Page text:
HDL inhibits pioglitazone-induced phosphorylation of PPARγ in human monocyte-derived macrophages

To assess the effects of HDL on pioglitazone-induced phosphorylation of PPARγ, human monocyte-derived macrophages were treated with pioglitazone (5 ng/ml) in the presence or absence of HDL (25 μg/ml) for 24 hours. As shown in Figure 5, pioglitazone resulted in a significant increase in PPARγ phosphorylation in human monocyte-derived macrophages, which could be inhibited by HDL.

Figure 5.
Figure 5.:
HDL inhibits pioglitazone-induced phosphorylation of PPARγ in human monocyte-derived macrophages. Human monocyte-derived macrophages were treated with pioglitazone (5 ng/ml) in the presence or absence of HDL (25 μg/ml) for 24 hours. PPARγ expression and phosphorylation were measured by Western blotting. The values are mean ± SD of three separate experiments. Pio: pioglitazone. * P <0.05, compared with control; P <0.05, compared with pioglitazone group.

DISCUSSION

In this study, we found that HDL reduced the expression and activity of Lp-PLA2 in human monocyte-derived macrophages in both a dose-and time-dependent manner. The mechanism underlying these effects may be related to the PPARγ pathway.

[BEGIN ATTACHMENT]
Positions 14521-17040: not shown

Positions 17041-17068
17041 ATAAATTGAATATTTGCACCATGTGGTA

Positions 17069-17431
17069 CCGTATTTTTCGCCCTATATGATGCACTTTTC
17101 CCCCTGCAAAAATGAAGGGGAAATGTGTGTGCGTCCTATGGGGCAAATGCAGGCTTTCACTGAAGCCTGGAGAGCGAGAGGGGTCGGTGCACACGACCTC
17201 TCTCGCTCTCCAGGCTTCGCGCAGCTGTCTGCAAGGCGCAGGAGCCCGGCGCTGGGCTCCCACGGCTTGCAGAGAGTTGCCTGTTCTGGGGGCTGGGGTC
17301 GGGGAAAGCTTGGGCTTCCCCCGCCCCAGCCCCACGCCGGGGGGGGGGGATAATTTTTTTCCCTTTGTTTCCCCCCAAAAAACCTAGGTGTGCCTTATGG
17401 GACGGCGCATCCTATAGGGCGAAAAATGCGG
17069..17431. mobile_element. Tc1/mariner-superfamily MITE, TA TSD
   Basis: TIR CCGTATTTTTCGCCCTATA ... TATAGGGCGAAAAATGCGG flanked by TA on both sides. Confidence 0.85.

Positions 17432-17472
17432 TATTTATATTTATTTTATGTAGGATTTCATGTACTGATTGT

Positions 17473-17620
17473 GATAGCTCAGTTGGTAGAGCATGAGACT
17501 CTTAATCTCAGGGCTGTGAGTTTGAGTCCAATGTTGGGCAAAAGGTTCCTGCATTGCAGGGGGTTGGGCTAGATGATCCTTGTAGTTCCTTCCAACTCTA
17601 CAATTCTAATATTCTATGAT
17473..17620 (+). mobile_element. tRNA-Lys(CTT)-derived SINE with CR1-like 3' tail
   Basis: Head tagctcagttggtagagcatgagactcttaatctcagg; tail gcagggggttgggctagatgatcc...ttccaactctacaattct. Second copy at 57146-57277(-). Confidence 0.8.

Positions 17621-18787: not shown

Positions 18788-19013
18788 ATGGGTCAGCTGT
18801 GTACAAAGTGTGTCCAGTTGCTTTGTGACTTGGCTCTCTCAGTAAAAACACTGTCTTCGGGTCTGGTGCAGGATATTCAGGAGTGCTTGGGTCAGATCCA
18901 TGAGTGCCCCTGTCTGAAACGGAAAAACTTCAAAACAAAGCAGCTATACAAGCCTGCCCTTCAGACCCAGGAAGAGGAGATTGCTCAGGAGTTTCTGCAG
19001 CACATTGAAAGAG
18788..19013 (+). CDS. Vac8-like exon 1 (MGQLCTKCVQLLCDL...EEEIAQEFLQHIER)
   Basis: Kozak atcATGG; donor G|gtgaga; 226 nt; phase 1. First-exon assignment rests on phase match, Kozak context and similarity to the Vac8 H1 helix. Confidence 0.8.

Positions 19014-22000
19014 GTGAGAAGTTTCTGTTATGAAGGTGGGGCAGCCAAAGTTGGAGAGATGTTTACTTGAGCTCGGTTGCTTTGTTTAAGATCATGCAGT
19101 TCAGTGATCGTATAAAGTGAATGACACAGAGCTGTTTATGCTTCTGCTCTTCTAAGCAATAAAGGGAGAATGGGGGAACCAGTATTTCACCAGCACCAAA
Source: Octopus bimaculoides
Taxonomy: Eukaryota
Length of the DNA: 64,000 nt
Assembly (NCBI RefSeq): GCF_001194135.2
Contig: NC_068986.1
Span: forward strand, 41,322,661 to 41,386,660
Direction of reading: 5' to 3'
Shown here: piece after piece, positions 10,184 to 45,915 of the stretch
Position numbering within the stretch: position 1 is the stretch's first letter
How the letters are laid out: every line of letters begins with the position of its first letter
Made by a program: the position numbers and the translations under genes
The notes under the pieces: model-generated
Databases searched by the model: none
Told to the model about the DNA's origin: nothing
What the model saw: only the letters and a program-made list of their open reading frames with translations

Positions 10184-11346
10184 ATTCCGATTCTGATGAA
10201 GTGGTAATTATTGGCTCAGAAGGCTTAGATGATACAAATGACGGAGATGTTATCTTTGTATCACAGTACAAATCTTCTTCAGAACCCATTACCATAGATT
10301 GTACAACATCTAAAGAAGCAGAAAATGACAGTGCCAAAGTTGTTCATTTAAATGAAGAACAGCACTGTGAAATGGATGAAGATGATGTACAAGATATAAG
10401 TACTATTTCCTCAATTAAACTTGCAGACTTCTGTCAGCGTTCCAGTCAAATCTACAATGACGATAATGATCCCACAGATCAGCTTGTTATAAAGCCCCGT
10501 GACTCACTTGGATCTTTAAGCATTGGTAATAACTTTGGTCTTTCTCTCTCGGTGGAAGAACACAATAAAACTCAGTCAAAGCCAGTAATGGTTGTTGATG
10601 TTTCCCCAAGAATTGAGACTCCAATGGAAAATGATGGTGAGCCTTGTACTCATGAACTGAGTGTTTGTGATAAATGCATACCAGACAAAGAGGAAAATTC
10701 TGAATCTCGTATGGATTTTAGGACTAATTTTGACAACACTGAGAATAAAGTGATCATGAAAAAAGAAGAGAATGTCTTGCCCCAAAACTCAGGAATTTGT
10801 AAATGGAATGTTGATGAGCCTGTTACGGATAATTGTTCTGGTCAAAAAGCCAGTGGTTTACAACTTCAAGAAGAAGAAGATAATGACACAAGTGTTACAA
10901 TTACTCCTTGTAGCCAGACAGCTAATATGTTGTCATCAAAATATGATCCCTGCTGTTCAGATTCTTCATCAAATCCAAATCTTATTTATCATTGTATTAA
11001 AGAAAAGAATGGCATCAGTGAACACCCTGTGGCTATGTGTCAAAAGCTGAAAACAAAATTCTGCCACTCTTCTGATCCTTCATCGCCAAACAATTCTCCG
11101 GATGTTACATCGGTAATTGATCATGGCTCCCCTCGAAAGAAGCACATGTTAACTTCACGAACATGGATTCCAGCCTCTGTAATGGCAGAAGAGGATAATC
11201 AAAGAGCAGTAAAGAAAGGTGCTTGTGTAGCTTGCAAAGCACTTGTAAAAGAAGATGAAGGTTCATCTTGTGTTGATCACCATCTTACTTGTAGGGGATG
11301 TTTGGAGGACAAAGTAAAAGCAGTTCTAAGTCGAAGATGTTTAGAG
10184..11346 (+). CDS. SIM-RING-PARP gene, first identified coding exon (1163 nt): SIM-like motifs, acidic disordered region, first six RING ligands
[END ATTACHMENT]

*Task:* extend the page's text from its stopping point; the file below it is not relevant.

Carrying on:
Lp-PLA2 is a specific marker of vascular inflammation, and HDL plays an important role in cardiovascular protection by anti-inflammatory activity. However, in the process of atherosclerosis, the biological role of Lp-PLA2 has been controversial; with initial reports supporting its atheroprotective effects as a consequence of degrading platelet-activating factor and the removal of polar phospholipids in modified LDL. Recent studies, however, focused on the pro-inflammatory role of Lp-PLA2 mediated by products of the Lp-PLA2 reaction (LysoPC and oxNEFA). LysoPC and oxNEFA are proposed to play an important role in homing of inflammatory cells into lesion-prone areas and local increases in inflammatory mediators.18 Furthermore, the use of an inhibitor of Lp-PLA2 in cell culture systems has also been shown to significantly decrease the concentration of both LysoPC and oxNEFA oxLDL-mediated monocyte chemoattraction and to attenuate monocyte-macrophage apoptosis.19,20 In addition, Lp-PLA2 has also been suggested to have a role in promoting plaque instability. Multiple studies have shown that Lp-PLA2 is strongly expressed within the necrotic core and surrounding macrophages of vulnerable and ruptured plaques in coronary arteries, with relatively weaker expression in less advanced lesions.21,22 And Lp-PLA2 activity has also been shown to be upregulated in atherosclerotic lesions and in rupture-prone fibrous caps.23 The proinflammatory action of Lp-PLA2 is also supported by a number of epidemiology studies showing that Lp-PLA2 is an independent predictor of various cardiovascular events, over and above the traditional risk factors and inflammatory biomarkers, including high-sensitivity CRP.24–26 Thus, Lp-PLA2 acts as a specific marker of vascular and plaque inflammation, and plays an important role in the development of AS, and represents a potentially promising target for fighting atherosclerosis.